The future of work after COVID-19 -- Woman working on a computer with wireless headset

The future of work after COVID-19 — from mckinsey.com

Excerpts:

This report on the future of work after COVID-19 is the first of three MGI reports that examine aspects of the postpandemic economy. The others look at the pandemic’s long-term influence on consumption and the potential for a broad recovery led by enhanced productivity and innovation. Here, we assess the lasting impact of the pandemic on labor demand, the mix of occupations, and the workforce skills required in eight countries with diverse economic and labor market models: China, France, Germany, India, Japan, Spain, the United Kingdom, and the United States. Together, these eight countries account for almost half the global population and 62 percent of GDP.

Physical proximity scores of a variety of occupations

 

Future occupations in 2030 -- increases or decreases

 

LexisNexis Extends Its Context Language Analytics to Cover Attorneys’ Briefs and Motions — from legaltechmonitor.com Bob Ambrogi

Excerpt:

Last year, LexisNexis introduced Context, a refinement of an analytics tool originally developed by Ravel Law that analyzes the language of a judge’s opinions to determine the cases and arguments the judge finds most persuasive in deciding specific types of issues. As I reported then, that original launch also included Context for expert witnesses, and, since then, LexisNexis has expanded Context to also cover courts and companies.

Today, LexisNexis is further expanding Context with the introduction of Attorney Analytics, the fifth module in the platform, for researching opposing attorneys in litigation matters.

Also see:

 

Hiperwall Introduces Cost-Effective ‘Essentials’ Video Wall Hardware and Software Packages — from hiperwall.com with thanks to Michael Farino for this resource
Hiperwall Essentials video wall bundles eliminate barriers to entry for organizations wanting enhanced collaboration, clearer communication, and the ability to make informed real-time decisions

Excerpt:

February 24, 2021 – IRVINE, Calif., – Hiperwall Inc., an industry-leader in commercialized, IP-based visualization technology, today introduces ‘Hiperwall Essentials,’ two all-inclusive video wall hardware and software bundles that get users started with a full-featured, control-room grade video wall powered by Hiperwall for just $9,995.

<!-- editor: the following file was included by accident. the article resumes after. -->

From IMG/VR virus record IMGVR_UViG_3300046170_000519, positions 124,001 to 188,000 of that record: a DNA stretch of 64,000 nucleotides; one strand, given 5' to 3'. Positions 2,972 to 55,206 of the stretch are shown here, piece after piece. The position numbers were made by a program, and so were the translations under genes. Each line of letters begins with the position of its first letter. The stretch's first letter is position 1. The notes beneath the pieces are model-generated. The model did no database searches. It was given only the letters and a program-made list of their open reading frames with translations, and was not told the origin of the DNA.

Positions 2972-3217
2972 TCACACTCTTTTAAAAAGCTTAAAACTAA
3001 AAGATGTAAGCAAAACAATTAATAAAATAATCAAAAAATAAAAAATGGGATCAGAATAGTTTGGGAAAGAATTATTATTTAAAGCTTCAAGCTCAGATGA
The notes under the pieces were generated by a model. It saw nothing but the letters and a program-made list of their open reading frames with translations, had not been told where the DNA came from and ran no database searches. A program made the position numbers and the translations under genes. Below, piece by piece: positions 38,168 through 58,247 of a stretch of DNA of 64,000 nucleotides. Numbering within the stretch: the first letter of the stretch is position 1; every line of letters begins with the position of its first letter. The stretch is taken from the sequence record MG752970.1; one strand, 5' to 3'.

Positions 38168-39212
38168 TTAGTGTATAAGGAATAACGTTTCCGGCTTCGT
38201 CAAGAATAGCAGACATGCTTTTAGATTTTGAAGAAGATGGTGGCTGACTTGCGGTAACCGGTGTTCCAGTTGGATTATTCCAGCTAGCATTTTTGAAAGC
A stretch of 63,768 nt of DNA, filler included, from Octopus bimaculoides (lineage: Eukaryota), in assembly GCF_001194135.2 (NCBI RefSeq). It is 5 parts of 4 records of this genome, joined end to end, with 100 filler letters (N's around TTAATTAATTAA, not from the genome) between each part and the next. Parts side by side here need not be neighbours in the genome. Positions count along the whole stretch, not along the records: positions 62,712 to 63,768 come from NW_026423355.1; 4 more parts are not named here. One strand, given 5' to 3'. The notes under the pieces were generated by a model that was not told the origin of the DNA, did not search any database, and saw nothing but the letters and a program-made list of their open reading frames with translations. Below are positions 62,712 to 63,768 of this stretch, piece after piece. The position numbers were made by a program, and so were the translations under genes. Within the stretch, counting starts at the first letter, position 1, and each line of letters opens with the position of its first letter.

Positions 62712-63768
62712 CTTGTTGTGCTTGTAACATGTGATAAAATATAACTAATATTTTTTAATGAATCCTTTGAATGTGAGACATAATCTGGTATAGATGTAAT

Most major decisions made in the public and private sectors are driven by vast amounts of data. Due to the volume of data sources, data complexity, and different analytics tools, video walls have become the perfect canvas for decision-makers to put all of this data together clearly to arrive at an informed decision faster and more confidently.

At a price point that effectively removes barriers to implementation for small to medium businesses, small government agencies, and local law enforcement, Hiperwall Essentials serves as a great baseline for integrating video wall technology into any organization. As dependence on the video wall grows, Hiperwall’s modular platform makes scaling the video wall footprint and capabilities seamless and cost-effective.


Below are some example settings:

For those interested in video walls, this is worth checking out. These pictures are example settings.

 

For those interested in video walls, this is worth checking out. These pictures are example settings.

 

For those interested in video walls, this is worth checking out. These pictures are example settings.

 

For those interested in video walls, this is worth checking out. These pictures are example settings.

 

For those interested in video walls, this is worth checking out. These pictures are example settings.

 
 

Wonder Tools | The Best Data Viz Tool — from wondertools.substack.com by Jeremy Caplan
How and why to use Flourish to make impressive charts fast and for free

Excerpt:

Flourish is a terrific tool for visualizing data. It’s easy to use and free. Unlike some complex tools aimed at data professionals, Flourish is simple enough for anyone to use. It’s also flexible and polished enough to use in professional newsroom projects. And it comes with a wide range of templates so you can create a strong interactive data visual to embed on any site within a couple of hours.

 
Flourish -- a great data visualization tool that non-professionals can use as well!

 

Artificial intelligence will go mainstream in 2021 — from manilatimes.net by Noemi Lardizabal-Dado; with thanks to Matthew Lamons for this resource

Excerpt: